On 6 December last year, US President Donald Trump formally recognised Jerusalem as the capital of Israel and promised to relocate the US embassy from Tel Aviv. One year on from that bombshell, he continues to strangle the Palestinians.
“My announcement today marks the beginning of a new approach to [the] conflict between Israel and the Palestinians,” he told a packed White House press conference. “After more than two decades of wavers [of the 1995 Jerusalem Embassy Act], we are no closer to a lasting peace agreement between Israel and the Palestinians. It would be folly to assume that this exact same formula would now produce a different or better result. Therefore, I have determined that it is time to officially recognise Jerusalem as the capital of Israel.”
Less than three minutes into his speech, the blow had been dealt. Israel cheered, hailing a victory it had sought for decades but which had thus far proved elusive. Palestinians unanimously rejected the decision, with the Palestinian Authority pledging to cut all contact with the US, and Hamas calling for a new intifada. Social media was awash with the hashtag # (Jerusalem is ours), signalling the level of popular opposition to the move. International governments condemned Trump’s unilateral approach.
Although since the early days of his presidential campaign Trump had been known for ripping up the rule book, perhaps few could have anticipated that his Jerusalem announcement was only the first knot in the noose that his administration was crafting for the Palestinians and, ultimately, the “peace” process. In the 365 days since Trump told the world that he would approach the Israel-Palestine conflict differently, true to his word he has scorned convention and ran roughshod over anyone who has stood in his way.
He started as he meant to go on. Two weeks after recognising Jerusalem, a bloc of Arab nations, Turkey and the Organisation of Islamic Cooperation (OIC) requested an emergency meeting of the UN General Assembly. The US had vetoed a Security Council resolution rejecting Trump’s recognition of Jerusalem as Israel’s capital. Prior to the General Assembly vote, Trump threatened to cut aid to any country that voted against the US, with America’s Ambassador to the UN, Nikki Haley, sending threatening letters to member states urging them to vote against the motion. Haley tweeted that the US would be “taking names” of those who chose to criticise its decision. Despite these threats, a total of 128 countries voted in favour of the resolution which rejected the US decision. Nine members voted against the motion, including the US, Israel, Guatemala and Honduras.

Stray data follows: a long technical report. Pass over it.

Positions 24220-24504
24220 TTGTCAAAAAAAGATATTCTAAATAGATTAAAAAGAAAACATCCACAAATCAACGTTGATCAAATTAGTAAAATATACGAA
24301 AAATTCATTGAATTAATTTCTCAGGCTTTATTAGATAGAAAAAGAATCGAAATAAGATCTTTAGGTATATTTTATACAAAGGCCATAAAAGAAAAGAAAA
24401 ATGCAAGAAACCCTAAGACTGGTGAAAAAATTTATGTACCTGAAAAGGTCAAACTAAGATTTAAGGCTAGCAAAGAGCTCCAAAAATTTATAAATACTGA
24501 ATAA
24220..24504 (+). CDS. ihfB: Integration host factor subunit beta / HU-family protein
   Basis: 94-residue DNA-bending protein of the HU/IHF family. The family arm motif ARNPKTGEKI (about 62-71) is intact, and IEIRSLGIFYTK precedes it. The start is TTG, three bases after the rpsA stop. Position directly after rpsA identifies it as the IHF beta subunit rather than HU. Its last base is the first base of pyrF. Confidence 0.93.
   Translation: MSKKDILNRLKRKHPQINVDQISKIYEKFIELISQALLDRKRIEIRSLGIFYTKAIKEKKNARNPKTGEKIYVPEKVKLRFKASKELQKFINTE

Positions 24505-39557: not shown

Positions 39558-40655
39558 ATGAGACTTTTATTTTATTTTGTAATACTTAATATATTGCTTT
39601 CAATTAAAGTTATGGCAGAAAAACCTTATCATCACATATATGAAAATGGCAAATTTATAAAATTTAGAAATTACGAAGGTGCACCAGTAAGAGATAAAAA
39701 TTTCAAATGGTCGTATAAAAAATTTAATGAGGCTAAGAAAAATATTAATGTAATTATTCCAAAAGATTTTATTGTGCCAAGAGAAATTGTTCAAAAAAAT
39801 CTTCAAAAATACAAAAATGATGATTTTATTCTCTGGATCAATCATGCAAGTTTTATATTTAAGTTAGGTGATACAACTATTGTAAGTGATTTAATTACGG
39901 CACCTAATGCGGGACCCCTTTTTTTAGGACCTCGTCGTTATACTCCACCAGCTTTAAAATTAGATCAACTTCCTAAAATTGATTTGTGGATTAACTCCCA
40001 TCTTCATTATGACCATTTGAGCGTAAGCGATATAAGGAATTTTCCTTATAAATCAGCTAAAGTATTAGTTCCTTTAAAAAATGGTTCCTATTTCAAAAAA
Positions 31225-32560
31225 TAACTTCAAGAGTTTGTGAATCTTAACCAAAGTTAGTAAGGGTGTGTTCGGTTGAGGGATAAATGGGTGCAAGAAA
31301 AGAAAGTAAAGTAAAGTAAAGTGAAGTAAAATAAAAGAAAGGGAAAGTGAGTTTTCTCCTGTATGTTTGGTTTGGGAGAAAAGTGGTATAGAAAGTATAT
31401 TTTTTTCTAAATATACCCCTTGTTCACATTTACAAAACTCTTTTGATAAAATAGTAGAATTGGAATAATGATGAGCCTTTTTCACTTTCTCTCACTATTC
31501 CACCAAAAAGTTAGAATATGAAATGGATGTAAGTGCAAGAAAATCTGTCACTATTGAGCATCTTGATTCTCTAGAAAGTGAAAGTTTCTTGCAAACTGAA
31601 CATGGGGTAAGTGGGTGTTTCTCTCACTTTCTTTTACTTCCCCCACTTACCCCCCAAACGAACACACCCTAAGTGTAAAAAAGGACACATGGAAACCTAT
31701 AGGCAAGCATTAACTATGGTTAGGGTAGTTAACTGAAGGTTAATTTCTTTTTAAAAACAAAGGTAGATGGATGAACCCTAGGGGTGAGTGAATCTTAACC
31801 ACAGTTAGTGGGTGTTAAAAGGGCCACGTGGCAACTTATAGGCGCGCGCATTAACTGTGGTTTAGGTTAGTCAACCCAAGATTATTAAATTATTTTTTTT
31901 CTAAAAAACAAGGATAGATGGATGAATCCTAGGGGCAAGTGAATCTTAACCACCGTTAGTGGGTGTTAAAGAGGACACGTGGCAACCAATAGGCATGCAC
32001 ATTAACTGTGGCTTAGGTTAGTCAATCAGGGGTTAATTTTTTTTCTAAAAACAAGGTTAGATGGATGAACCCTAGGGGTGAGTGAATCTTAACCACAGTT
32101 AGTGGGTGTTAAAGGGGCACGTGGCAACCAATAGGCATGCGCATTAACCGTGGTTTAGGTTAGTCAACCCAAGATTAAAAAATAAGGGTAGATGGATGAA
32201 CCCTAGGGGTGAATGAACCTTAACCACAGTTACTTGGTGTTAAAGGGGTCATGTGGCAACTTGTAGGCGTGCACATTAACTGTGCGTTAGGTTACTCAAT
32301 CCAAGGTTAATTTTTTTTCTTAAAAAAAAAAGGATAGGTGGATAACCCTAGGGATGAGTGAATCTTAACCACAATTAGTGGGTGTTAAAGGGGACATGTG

Undeterred by UN member states’ rejection of his heavy-handed approach, Trump pressed ahead with dismantling the Palestinian cause. On 16 January, Washington announced that it would withhold almost half the money earmarked for the UN Relief and Works Agency (UNRWA), which provides education, shelter and basic essential support to millions of Palestinian refugees scattered across the occupied Palestinian territories (oPt) and the wider Middle East.
The State Department withheld $65 million from UNRWA with the stroke of a pen, saying that the agency needed to make reforms before the funds were released. It did not, however, specify what shape these reforms should take. The link between Trump’s December announcement and the cuts to UNRWA — little more than a month apart – was not difficult to trace.